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From William A Rowe Jr <wr...@rowe-clan.net>
Subject Re: svn commit: r1768036 - in /httpd/httpd/branches/2.4.x-merge-http-strict: ./ CHANGES include/ap_mmn.h include/http_core.h include/httpd.h modules/http/http_filters.c server/core.c server/protocol.c server/util.c server/vhost.c
Date Thu, 17 Nov 2016 11:13:40 GMT
On Nov 16, 2016 20:29, "Jacob Champion" <champion.p@gmail.com> wrote:
>
> On 11/16/2016 05:01 AM, William A Rowe Jr wrote:
>>
>> We need to tolerate their presence. But we should ignore the guidance
that
>> sf originally quoted, that the URI host supersedes the Host header, it
does
>> not, they are two different entities it the proxy case
>
>
> The "different entities" interpretation made sense to me too, but after
re-reading the spec and seeing what the browsers actually do, I'm not so
sure. (I'm a relative noob when it comes to the proxy sides of the spec, so
corrections are appreciated.)
>
> From section 5.4:
>
>    A client MUST send a Host header field in all HTTP/1.1 request
>    messages.  If the target URI includes an authority component, then a
>    client MUST send a field-value for Host that is identical to that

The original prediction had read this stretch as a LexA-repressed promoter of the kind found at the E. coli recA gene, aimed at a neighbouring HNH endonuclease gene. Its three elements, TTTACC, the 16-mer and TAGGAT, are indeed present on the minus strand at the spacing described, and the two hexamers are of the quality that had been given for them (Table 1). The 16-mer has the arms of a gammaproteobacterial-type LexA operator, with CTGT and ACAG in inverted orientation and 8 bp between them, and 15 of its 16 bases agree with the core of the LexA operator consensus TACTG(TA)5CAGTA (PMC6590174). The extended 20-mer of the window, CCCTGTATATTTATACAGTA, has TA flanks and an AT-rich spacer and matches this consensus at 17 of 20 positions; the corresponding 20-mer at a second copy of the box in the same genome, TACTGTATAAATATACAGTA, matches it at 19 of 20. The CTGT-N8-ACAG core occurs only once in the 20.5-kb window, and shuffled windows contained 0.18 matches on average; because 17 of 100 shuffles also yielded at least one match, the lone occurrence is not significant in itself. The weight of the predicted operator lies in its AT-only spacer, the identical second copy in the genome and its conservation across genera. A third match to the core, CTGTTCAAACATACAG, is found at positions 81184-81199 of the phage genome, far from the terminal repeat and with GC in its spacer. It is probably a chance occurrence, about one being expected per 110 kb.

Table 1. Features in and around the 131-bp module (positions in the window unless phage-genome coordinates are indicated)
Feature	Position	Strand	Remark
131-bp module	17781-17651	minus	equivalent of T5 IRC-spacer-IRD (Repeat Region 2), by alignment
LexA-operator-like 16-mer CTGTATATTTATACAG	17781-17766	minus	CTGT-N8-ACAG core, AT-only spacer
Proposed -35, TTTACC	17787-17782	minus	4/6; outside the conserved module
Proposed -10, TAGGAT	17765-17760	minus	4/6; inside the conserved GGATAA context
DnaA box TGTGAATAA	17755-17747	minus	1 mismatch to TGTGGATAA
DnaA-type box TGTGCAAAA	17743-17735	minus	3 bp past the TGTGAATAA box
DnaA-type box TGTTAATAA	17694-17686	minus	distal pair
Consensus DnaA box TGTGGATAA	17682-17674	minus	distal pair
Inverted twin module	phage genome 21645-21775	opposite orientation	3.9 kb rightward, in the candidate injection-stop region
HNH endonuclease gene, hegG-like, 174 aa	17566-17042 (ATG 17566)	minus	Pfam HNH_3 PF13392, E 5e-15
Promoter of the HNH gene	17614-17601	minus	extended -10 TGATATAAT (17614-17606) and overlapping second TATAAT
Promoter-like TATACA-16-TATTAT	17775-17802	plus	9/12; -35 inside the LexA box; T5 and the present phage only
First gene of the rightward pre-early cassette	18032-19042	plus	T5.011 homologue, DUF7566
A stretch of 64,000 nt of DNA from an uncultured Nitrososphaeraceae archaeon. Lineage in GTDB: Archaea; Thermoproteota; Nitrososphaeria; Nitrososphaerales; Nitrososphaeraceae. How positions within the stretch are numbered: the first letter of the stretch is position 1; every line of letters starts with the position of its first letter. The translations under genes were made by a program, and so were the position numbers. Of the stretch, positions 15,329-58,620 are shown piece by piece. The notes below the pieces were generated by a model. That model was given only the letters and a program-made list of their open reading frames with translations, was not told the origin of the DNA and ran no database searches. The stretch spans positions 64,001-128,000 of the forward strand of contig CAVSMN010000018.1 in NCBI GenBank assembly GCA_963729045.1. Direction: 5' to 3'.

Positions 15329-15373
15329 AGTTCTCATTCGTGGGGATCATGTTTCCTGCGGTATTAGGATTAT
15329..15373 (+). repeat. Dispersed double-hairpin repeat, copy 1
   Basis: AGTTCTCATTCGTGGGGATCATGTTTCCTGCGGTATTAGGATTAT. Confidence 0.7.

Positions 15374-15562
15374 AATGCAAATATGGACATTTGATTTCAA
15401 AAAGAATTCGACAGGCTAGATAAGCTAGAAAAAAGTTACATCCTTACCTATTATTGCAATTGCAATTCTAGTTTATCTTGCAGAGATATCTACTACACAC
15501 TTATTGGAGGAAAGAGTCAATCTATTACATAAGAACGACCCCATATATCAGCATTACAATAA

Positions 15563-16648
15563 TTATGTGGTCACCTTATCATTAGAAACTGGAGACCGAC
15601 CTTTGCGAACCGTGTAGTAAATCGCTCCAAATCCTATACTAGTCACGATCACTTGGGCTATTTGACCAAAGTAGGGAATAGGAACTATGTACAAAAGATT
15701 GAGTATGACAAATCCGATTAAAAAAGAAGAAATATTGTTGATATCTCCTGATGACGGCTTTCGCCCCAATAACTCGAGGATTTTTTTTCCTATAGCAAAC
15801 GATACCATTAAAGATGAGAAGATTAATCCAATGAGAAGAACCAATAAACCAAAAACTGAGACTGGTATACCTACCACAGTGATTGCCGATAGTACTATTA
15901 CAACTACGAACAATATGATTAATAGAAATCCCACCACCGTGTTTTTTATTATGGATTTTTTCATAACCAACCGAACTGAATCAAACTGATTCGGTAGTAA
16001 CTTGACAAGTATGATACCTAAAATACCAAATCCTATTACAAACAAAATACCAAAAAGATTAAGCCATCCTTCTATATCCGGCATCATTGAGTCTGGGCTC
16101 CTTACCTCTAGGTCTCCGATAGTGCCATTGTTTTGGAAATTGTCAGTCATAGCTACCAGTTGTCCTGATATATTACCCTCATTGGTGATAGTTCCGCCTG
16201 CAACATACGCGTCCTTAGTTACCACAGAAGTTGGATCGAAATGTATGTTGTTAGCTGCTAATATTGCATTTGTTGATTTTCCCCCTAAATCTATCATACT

>    authority component, excluding any userinfo subcomponent and its "@"
>    delimiter (Section 2.7.1).  If the authority component is missing or
>    undefined for the target URI, then a client MUST send a Host header
>    field with an empty field-value.
>
> That's pretty absolute, and there doesn't seem to be an exception carved
out for proxies. And in practice, after giving Chromium and Firefox a try
with a local netcat "proxy", the Host headers they send are indeed derived
from the target URI, *not* the hostname of the HTTP proxy. I'd like to see
what other browsers do as well.
>
> This would appear to prevent name-based hosting of multiple proxies and
origin servers at the same IP address, which seems strange to me, given
that the Host header would be an appropriate resolution tool in that
case... so I'm hoping there's something I'm missing.
>
> Maybe no one needs to do that? Does anyone have experience with a
client/user-agent that makes use of name-based virtual proxies?
>
> --Jacob

Doh, that's right.

This is why we had such a horrid time with unwarranted TLS SNI host headers
vs Host: headers for proxy requests through httpd:. I will need to review
all three and compare them to the effect of this new patch.

In the interim I suggest we withdraw this comparison, and bring it back up
as a post 2.4.24 change. Thoughts?

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